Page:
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Computation and prediction of intrinsic thermoacoustic oscillations associated with autoignition fronts


A sequential combustor architecture consists of two longitudinally staged combustion zones featuring a propagation-stabilized flame in the first stage and an autoignition-stabilized flame in the second (reheat) stage. This layout allows for increased fuel flexibility compared to single-stage systems and enables clean and efficient combustion of carbon-free fuels such as hydrogen. Interactions between the autoignition-stabilized flame and the acoustic field created by the unsteady ignition front and the surrounding boundaries can result in self-sustained (thermoacoustic) flame oscillations in the reheat stage of the sequential burner, causing performance losses and structural damage. In this paper, an intrinsic flame-acoustic feedback mechanism causing self-sustained thermoacoustic oscillations in a reheat combustor is studied. The intrinsic thermoacoustic feedback is established when an acoustic wave generated by the unsteady ignition front travels upstream and introduces local temperature, pressure and velocity perturbations in the unburnt mixture. These modulate the ignition chemistry and the front kinematics and thus, in turn, act as a new source of perturbation for the ignition front that generates heat release rate oscillations and upstream-traveling acoustic disturbances, closing the feedback loop. Compressible reactive Euler equation computations of autoignition fronts in a simple one-dimensional reheat combustor configuration with fully non-reflecting boundaries are first performed to demonstrate and characterize the intrinsic thermoacoustic oscillations associated with autoignition fronts. These computations show that the autoignition front exhibits distinct harmonic thermoacoustic oscillations which tend to become unstable at some conditions. Next, frequencies and growth rates of the intrinsic thermoacoustic oscillations in the linear regime are predicted using a hybrid approach with flame response transfer functions taken from a forced Euler calculation and using a linearized Euler equation framework to describe the combustor acoustic field. The predictions of the intrinsic thermoacoustic eigenvalue from the linearized Euler equation framework show good agreement with the linear behaviour of these oscillations observed in the Euler computations. The findings of the present work are useful both from a fundamental standpoint for prediction of intrinsic thermoacoustic instabilities and from an industrial perspective for prevention of thermoacoustic instabilities in staged combustion systems. © 2023 The Author(s)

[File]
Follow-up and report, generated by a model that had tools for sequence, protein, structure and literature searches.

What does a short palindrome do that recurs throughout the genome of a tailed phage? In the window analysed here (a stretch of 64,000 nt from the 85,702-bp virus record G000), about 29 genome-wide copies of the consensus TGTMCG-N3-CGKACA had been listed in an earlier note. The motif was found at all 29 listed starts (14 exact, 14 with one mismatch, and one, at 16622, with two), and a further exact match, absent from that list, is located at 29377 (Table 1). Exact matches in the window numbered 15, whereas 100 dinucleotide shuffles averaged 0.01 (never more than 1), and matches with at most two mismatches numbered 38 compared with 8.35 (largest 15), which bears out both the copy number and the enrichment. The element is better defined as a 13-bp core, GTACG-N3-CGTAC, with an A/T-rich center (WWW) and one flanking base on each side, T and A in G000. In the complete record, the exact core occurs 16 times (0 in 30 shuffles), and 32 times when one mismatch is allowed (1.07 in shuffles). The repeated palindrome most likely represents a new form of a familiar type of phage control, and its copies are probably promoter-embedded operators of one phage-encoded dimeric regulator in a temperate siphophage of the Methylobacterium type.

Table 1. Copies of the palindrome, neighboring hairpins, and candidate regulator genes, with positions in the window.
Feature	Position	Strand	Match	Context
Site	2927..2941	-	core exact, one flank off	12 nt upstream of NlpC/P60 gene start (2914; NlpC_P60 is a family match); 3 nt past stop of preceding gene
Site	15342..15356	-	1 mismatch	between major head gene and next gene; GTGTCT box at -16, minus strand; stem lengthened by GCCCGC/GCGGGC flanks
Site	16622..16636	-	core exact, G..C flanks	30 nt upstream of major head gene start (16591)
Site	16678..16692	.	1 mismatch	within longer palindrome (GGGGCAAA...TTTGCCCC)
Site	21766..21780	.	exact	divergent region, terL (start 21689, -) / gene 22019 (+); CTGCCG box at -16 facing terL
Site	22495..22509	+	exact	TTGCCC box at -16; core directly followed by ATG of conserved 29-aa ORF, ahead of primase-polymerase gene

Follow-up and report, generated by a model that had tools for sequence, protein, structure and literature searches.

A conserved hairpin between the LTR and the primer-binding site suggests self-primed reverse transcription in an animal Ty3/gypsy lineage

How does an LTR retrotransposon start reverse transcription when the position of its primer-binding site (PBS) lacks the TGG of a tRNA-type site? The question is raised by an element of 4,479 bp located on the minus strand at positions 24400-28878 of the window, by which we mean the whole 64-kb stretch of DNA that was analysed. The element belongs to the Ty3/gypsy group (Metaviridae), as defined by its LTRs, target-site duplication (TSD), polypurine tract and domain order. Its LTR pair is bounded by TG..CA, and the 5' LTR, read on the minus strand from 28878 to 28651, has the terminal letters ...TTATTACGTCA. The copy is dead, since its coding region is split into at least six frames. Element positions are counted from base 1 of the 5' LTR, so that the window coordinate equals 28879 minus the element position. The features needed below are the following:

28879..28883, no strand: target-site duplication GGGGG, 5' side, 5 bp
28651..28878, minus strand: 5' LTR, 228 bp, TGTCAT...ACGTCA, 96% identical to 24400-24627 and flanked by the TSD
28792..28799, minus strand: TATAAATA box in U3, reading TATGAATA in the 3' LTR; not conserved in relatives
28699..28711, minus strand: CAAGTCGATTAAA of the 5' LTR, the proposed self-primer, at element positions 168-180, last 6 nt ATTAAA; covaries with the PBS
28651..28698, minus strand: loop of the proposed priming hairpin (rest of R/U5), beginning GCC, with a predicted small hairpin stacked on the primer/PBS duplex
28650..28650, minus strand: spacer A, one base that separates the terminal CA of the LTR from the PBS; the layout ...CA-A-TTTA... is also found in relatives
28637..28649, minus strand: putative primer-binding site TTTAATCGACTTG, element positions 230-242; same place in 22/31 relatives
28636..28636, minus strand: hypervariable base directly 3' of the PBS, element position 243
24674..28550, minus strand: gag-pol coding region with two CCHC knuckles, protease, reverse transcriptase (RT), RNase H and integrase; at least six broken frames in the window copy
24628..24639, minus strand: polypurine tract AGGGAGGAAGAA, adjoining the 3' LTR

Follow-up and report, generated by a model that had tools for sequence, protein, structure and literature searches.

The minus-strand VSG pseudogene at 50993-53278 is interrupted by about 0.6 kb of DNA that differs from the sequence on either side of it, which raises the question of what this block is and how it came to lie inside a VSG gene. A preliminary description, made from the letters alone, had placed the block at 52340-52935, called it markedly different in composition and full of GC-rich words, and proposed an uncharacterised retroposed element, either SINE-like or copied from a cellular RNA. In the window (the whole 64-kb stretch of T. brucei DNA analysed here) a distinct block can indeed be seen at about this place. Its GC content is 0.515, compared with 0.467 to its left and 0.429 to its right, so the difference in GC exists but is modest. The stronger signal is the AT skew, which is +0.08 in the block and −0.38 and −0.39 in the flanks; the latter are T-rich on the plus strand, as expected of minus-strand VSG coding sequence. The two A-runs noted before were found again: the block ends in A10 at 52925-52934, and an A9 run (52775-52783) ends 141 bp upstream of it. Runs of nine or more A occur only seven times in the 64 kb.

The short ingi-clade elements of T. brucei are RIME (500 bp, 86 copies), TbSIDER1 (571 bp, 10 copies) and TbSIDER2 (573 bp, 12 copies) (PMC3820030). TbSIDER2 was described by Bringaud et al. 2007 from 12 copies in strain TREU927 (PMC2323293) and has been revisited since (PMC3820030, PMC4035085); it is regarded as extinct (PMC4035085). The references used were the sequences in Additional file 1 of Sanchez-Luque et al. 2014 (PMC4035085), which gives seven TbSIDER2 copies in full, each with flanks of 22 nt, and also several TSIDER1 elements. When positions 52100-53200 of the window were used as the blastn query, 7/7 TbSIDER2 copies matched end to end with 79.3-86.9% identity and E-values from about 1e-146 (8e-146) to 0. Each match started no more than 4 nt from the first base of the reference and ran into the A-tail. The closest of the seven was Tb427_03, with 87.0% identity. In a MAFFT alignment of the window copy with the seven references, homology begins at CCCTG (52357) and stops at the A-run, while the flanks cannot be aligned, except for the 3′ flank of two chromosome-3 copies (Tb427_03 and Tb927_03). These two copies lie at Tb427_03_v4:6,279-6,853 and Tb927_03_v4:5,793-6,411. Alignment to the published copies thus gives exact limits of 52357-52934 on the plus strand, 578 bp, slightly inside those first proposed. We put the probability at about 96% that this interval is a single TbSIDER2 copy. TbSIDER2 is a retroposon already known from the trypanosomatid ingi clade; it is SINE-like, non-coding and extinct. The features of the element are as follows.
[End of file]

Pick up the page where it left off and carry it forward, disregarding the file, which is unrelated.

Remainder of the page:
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Academic article


  • Research Council of Norway (RCN) / 257579
  • Research Council of Norway (RCN) / 295203





  • Norwegian University of Science and Technology
  • SINTEF Energy Research / Termisk energi



Published in

Combustion and Flame







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